One spring morning nine years ago I stumbled into a small police station in rural Minnesota, I had been attacked by the Bishop of my church and he had threatened to kill me. As I talked to the policemen that morning I was met with raised eyebrows, He just could not believe what he was hearing about his God fearing, quiet, gentle Amish neighbors. I became frustrated when I saw he was having a hard time believing me. I had risked everything to come to him, I knew that when I returned home I would be shunned for several months and would more than likely be refused the right to marry, ever. No family would ever allow their son to marry such a trouble maker, going to the police was the worst sin I could commit. And without marring I was destined to become an old maid, in the Amish a woman who does not marry remains under the authority of her father and brothers and has no more rights than a teenager. The below excerpt is what I said to the policeman when he just sat there staring at me.
I was furious now, and I spun around, slammed both my palms down on the table and leaned toward him.
“Why is it so hard for you people to believe the Amish are just as capable of crime as any other human beings? The only difference is that they don’t have to pay for those crimes. And, ironically, these very people you hold in such high regard think you are going to hell because you are of the world.”
“Well, I am sure that is probably true,” Officer Jensen nodded his head. “They are people, but they are raised with a strict doctrine they have to follow.”
“Or what?” I snapped. “You tell me the Amish policy on rape and murder.”
“Well, I never thought of them like that,” he nodded his head again as if finally he might be getting my point.
“Exactly,” I said, straightening up. “I am so tired of you English putting cameras in our faces and taking our picture like we are cute little puppies or something. We are people with all the faults the human race has to offer.” I looked him straight in the eyes. “Do you really think you would even so much as hear if I died tonight? No,” I said, shaking my head. “You would never know. I would simply be buried in an Amish cemetery, thought to have died from some unknown cause.”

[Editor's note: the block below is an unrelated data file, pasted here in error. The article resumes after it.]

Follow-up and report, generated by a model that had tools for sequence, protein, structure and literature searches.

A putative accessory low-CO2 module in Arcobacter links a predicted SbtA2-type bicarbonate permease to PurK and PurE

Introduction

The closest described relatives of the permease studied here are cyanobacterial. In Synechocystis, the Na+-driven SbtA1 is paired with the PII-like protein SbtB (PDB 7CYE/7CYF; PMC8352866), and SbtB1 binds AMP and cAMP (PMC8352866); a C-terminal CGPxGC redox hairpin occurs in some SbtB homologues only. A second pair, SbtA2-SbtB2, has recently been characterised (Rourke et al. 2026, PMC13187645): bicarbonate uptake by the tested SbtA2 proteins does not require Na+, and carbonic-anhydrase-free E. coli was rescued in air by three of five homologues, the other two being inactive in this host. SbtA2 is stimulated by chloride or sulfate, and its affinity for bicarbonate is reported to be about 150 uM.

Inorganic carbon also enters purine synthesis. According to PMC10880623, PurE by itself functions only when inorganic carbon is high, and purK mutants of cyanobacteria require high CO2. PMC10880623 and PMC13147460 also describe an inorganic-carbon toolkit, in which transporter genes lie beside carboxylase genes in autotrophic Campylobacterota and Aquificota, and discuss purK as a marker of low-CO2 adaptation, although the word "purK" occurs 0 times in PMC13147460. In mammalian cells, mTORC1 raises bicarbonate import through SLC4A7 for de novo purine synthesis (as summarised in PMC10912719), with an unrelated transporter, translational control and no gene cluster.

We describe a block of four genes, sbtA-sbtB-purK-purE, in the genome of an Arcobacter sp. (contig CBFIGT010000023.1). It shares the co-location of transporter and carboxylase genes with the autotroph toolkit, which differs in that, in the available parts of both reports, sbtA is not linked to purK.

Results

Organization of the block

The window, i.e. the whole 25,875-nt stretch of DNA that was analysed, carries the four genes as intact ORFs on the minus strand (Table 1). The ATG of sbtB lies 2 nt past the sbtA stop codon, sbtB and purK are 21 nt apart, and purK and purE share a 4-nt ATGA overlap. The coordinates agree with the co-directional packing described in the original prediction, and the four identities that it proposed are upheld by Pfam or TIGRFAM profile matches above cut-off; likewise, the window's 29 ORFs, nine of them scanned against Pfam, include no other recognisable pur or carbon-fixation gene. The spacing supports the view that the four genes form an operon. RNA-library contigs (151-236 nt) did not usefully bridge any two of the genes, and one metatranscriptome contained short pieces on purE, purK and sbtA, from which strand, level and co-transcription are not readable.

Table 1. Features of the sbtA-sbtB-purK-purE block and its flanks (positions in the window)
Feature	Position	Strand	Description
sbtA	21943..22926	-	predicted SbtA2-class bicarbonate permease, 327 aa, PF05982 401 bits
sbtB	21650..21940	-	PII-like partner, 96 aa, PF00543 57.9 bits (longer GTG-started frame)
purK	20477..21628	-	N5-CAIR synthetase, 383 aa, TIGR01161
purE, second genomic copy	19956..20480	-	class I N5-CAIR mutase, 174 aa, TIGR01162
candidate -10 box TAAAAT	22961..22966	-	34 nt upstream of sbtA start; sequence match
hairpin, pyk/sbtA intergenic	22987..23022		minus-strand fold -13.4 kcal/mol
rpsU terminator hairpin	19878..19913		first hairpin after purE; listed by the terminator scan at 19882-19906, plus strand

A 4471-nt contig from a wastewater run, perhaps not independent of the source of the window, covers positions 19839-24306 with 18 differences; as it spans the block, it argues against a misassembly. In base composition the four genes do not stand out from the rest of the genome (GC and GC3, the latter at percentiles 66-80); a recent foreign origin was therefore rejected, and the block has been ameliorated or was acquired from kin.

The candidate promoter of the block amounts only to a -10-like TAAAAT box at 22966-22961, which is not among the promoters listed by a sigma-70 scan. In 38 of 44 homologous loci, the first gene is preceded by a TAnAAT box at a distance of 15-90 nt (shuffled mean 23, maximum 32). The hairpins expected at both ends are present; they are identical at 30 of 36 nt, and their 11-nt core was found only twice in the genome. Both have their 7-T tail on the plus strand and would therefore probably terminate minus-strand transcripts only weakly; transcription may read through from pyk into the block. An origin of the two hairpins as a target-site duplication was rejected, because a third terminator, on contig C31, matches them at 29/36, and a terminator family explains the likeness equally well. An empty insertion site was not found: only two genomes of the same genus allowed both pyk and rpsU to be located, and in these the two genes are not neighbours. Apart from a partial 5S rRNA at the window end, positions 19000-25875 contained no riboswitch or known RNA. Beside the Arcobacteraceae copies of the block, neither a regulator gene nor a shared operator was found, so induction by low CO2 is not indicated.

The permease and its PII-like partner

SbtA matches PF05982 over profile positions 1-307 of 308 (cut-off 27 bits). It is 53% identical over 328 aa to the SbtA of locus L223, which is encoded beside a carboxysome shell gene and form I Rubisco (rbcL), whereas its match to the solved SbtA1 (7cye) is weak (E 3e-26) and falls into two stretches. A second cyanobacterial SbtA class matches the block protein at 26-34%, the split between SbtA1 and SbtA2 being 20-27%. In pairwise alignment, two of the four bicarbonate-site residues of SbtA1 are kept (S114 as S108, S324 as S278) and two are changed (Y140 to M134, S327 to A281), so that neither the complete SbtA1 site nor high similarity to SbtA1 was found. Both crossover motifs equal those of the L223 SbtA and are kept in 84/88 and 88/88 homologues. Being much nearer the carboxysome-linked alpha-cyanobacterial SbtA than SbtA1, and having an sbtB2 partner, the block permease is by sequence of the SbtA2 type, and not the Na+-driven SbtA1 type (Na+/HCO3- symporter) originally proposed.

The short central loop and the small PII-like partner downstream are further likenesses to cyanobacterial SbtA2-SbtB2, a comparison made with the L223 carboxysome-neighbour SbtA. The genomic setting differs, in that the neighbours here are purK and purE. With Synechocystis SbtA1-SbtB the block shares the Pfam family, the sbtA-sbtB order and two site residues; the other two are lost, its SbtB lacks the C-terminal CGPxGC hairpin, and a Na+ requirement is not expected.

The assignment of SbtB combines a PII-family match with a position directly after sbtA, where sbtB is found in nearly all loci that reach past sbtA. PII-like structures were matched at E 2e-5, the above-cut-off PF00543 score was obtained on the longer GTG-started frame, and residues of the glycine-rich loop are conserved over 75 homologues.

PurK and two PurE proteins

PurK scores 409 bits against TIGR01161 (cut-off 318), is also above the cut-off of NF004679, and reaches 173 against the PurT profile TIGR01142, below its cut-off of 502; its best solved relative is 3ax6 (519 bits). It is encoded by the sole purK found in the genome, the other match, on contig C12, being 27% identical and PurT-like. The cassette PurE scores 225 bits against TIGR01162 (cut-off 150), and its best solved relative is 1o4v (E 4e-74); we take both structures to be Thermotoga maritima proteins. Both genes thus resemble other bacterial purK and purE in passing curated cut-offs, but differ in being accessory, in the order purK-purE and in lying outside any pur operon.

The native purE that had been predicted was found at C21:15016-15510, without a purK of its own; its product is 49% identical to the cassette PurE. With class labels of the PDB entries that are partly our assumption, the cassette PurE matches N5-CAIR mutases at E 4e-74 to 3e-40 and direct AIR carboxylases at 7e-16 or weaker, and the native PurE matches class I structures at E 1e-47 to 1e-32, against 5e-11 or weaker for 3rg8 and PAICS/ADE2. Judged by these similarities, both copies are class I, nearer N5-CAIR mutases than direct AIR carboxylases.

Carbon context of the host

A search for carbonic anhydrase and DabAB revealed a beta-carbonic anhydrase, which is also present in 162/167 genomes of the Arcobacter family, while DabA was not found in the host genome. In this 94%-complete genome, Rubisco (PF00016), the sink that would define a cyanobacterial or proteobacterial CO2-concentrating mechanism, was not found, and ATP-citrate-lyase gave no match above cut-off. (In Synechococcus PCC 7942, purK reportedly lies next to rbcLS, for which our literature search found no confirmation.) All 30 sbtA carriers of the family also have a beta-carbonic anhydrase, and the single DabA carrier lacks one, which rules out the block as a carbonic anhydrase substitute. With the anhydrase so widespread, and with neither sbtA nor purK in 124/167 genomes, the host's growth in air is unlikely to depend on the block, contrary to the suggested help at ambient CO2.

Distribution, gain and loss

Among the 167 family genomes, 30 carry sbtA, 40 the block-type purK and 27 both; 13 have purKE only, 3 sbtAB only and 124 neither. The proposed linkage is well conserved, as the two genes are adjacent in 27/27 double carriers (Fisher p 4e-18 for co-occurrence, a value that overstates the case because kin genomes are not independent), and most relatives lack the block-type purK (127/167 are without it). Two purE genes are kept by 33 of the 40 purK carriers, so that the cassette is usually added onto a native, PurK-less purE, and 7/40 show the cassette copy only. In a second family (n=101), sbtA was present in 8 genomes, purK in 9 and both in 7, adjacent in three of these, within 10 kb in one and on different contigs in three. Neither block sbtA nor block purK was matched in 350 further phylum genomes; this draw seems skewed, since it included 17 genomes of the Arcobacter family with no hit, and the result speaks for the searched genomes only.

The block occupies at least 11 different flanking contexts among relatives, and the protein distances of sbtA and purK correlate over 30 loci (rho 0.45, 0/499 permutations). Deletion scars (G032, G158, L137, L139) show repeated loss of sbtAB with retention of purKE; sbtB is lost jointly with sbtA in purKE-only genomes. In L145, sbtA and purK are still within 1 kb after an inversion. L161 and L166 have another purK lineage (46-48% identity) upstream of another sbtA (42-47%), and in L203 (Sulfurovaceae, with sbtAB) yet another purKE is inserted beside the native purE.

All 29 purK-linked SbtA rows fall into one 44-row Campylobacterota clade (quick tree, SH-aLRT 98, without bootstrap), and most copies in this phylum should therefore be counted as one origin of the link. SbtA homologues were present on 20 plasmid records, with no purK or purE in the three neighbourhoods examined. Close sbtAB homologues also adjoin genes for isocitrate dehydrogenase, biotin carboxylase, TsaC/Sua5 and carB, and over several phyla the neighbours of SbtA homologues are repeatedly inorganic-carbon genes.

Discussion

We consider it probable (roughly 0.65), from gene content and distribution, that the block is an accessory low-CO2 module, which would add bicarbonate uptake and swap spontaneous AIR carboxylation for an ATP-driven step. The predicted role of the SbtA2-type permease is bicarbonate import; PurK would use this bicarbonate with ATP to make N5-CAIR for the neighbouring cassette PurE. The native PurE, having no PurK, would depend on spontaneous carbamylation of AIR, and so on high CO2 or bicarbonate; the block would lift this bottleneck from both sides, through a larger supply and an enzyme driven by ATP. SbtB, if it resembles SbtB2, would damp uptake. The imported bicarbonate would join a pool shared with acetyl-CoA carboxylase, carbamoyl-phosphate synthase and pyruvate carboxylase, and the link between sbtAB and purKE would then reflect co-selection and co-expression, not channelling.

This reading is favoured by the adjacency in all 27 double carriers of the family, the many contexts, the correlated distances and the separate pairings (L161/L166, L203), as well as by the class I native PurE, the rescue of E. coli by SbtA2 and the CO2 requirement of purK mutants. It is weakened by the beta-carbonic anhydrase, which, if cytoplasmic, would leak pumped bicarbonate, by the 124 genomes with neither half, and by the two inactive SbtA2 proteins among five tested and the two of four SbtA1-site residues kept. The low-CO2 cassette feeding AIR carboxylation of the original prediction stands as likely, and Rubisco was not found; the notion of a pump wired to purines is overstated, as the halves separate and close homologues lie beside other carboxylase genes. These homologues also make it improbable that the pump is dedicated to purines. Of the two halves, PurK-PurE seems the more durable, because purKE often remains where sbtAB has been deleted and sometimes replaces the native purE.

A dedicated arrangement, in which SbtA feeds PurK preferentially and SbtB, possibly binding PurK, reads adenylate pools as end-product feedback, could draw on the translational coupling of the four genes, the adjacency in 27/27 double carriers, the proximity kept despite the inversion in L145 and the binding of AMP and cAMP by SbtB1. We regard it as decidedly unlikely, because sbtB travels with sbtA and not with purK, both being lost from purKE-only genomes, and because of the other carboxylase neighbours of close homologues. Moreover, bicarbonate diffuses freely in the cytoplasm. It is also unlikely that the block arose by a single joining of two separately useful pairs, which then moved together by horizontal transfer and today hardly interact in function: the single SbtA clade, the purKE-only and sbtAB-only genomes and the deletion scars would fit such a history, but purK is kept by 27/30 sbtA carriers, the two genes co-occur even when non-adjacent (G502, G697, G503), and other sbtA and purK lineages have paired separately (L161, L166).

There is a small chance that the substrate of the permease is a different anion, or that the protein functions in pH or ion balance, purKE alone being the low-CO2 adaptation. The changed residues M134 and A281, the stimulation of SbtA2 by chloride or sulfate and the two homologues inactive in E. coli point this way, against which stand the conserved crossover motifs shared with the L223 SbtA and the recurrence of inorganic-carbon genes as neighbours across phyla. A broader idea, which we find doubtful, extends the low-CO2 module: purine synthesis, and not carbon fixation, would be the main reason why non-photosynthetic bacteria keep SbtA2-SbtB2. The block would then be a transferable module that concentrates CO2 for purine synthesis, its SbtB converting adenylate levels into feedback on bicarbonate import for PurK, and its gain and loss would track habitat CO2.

“I find that a little hard to believe,” Officer Jensen looked at me skeptically.
“Oh, really?” I asked with raised eyebrows. “How many Amish autopsies have you heard of? How many Amish do you have walking in and out of your office every day? Don’t you find it strange that the rest of the world traffics through here, and no Amish do?”
“I have to admit you are the first I’ve interviewed,” He said. He leaned back in his chair.
( From my memoir Tears of the Silenced)
First of all everyone can start by keeping their ears and eyes open. My mission is not to only talk about the Amish but also to touch on the subject of child abuse. I myself was not born Amish but I was raised like them on a lonely mountain top. Here I was beaten, tortured and sexually assaulted on a daily basis.. I was taken to the Amish community at the age of eighteen and due to my horrific childhood was readily accepted by them because I had been raised with stricter rules than they themselves practiced.
During the first twenty two years of my life ( Before my escape from the Amish) I saw many times when an outsider noticed something was amiss but no one ever bothered to do something about it. Many times I know it was because of our religious appearance but I firmly believe that just because someone is religious they should never get away with abuse. Many times in this world a horrific abuse could have been prevented if someone had not looked the other way or told themselves it was not their problem.
In cases of child abuse I believe that it is everyone’s problem. Our children are the future leaders of the world and how they are treated today will affect how they rule the world tomorrow.
In the case of girls that are raped in these strict religious communities, my hope is that if you ever come across such a girl you will encourage her to prosecute the offender. No matter the cost. This is the only way these men will ever see that there are consequences for their actions. My plea to everyone around the world is that you never go through life and miss the opportunity to save someone. My childhood and young adulthood was a living nightmare, I was unable to help myself because I did not know how, and I was also to scared to try. I was in serious need of a hero, for someone you could be that hero.
“Be the change that you wish to see in the world.”
7 mo after leaving the Amish. Misty is in the Spokane WA bus station. She is traveling from Seattle to Lacrosse WI to try and get her younger sister out of the Amish
A year and a half after leaving the Amish. Misty joined a missionary group. Here she is at a mission in Sao Pualo Brazil with fellow missionary friends.